Usually, voice calling is synchronous, but it does have asynchronous elements at times. For example, leaving a voice note or a voicemail message would be asynchronous.

As almost everyone carries a mobile phone these days, voice calling is an excellent way to get someone’s attention very quickly. However, a lot of people don’t like unscheduled phone calls, and many people won’t answer to a caller ID that they don’t recognise or trust.

So, if possible, try to schedule phone calls in advance. If you do have to cold call someone, remember that they may be unable to talk (or talk in detail) for any number of reasons.

When should you use voice calling?

Voice calling is good for:

  • Discussing urgent matters or queries

  • Formal communications that don’t need to happen in person

  • Having a more personal conversation with customers/prospects than can be achieved via text channels

  • Discussing complex matters that don’t need to be dealt with in person

Remember, if you need to use visual cues or share documents in your communications, phone calls may not be the best channel.

Email

Email is a very versatile channel. It can be used in most situations, but isn’t always reliable if you’re looking for immediate, synchronous communication.

Email has many strengths, including:

  • It allows for longer form content, letting you send longer and more detailed messages

  • It’s a trusted and secure form of communication

  • It’s less intrusive than phone calls and instant messages

  • You can attach files to emails, making it perfect for transferring important documents

  • Email provides a record of communications, which can easily be organised into different folders.

That being said, email is not perfect for every situation. It lacks the immediacy of face to face communications or phone calls, for example.

When should you use email?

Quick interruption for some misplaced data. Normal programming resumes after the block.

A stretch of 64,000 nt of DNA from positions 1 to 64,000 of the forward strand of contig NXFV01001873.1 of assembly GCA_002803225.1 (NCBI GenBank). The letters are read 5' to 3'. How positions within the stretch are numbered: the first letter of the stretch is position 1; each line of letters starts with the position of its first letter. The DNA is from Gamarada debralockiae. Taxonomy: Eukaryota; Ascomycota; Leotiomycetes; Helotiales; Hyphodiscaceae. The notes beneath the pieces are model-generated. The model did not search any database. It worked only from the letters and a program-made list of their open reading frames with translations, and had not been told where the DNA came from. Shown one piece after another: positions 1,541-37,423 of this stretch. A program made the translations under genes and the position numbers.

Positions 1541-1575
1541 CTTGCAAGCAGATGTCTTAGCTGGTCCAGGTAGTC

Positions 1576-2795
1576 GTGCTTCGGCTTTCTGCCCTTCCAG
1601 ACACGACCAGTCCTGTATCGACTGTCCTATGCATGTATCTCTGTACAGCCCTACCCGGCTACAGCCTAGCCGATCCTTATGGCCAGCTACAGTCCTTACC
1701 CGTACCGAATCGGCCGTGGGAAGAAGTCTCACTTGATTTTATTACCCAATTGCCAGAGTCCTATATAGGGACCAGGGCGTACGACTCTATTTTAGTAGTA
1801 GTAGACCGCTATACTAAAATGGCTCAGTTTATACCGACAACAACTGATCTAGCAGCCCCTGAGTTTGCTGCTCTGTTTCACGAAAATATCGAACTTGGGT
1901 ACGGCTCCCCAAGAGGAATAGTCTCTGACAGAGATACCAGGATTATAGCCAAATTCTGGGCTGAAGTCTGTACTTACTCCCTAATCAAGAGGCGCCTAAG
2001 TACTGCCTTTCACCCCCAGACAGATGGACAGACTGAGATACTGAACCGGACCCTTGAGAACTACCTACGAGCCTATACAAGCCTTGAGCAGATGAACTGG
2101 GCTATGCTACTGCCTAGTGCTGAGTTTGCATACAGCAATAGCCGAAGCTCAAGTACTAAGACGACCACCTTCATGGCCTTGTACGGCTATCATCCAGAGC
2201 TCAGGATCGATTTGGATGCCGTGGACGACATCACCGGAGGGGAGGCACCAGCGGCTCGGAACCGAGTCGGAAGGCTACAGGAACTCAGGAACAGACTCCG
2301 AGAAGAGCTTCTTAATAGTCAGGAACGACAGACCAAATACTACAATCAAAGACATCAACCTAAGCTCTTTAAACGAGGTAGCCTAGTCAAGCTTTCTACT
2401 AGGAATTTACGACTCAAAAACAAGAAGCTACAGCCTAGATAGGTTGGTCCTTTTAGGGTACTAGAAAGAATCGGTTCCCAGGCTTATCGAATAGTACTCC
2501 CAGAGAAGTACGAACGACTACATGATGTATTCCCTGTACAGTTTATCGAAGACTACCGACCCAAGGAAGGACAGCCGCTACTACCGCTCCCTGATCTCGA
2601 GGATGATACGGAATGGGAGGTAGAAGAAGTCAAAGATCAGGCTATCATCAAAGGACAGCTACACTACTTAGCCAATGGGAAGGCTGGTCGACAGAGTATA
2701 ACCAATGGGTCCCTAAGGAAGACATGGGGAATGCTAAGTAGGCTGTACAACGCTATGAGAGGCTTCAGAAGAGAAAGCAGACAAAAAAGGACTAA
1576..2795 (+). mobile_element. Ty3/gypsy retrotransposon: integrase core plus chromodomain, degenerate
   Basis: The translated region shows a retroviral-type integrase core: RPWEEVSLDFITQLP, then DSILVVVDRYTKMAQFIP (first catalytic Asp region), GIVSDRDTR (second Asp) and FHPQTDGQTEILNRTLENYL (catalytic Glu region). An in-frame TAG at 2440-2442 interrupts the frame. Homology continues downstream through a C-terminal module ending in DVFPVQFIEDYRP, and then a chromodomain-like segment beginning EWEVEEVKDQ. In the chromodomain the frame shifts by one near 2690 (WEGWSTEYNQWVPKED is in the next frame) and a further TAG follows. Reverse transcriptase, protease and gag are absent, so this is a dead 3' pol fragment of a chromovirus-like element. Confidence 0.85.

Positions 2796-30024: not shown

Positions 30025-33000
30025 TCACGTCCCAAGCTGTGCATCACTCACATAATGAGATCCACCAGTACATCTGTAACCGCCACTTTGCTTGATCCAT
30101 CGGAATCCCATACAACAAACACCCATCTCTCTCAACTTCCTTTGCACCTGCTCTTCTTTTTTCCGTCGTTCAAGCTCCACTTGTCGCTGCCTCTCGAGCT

Email is great for:

  • Communications that you need to keep a record of

  • Communications that contain a lot of information (as people can refer back to the email if they forget any details)

  • Sending status updates to team members

  • Sharing important documents

  • Keeping customers up to date with brand news

SMS

SMS, or text messaging, is a versatile communication channel that can be used internally or externally. While usually informal, SMS can be used to set up formal meetings or as a stage in a formal communication chain.

SMS are best used asynchronously. If you want a textual conversation to proceed synchronously, you may be better off using instant/direct messaging channels or live chats.

The big advantage of SMS is that it’s a quick, personal, and unobtrusive way to contact people.

Like phone calls, an SMS message gives you a direct and private line to someone. Unlike phone calls, however, an SMS doesn’t demand immediate attention. The recipient can deal with an SMS in their own time.

This less demanding, less obtrusive nature means that many customers are more likely to respond to an SMS from a company than they are to answer a phone call. SMS gives the customer much more control over when and how they respond to brand communications.

That being said, it’s hard to convey complex or serious information via SMS. So, while you can perhaps use SMS to schedule more detailed communication, it’s not great for sending detail in and of itself.

Dialpad has inbuilt SMS and MMS functionality. So, you can send text messages to anyone in your Dialpad contacts list no matter what device or interface you’re using.

When should you use SMS?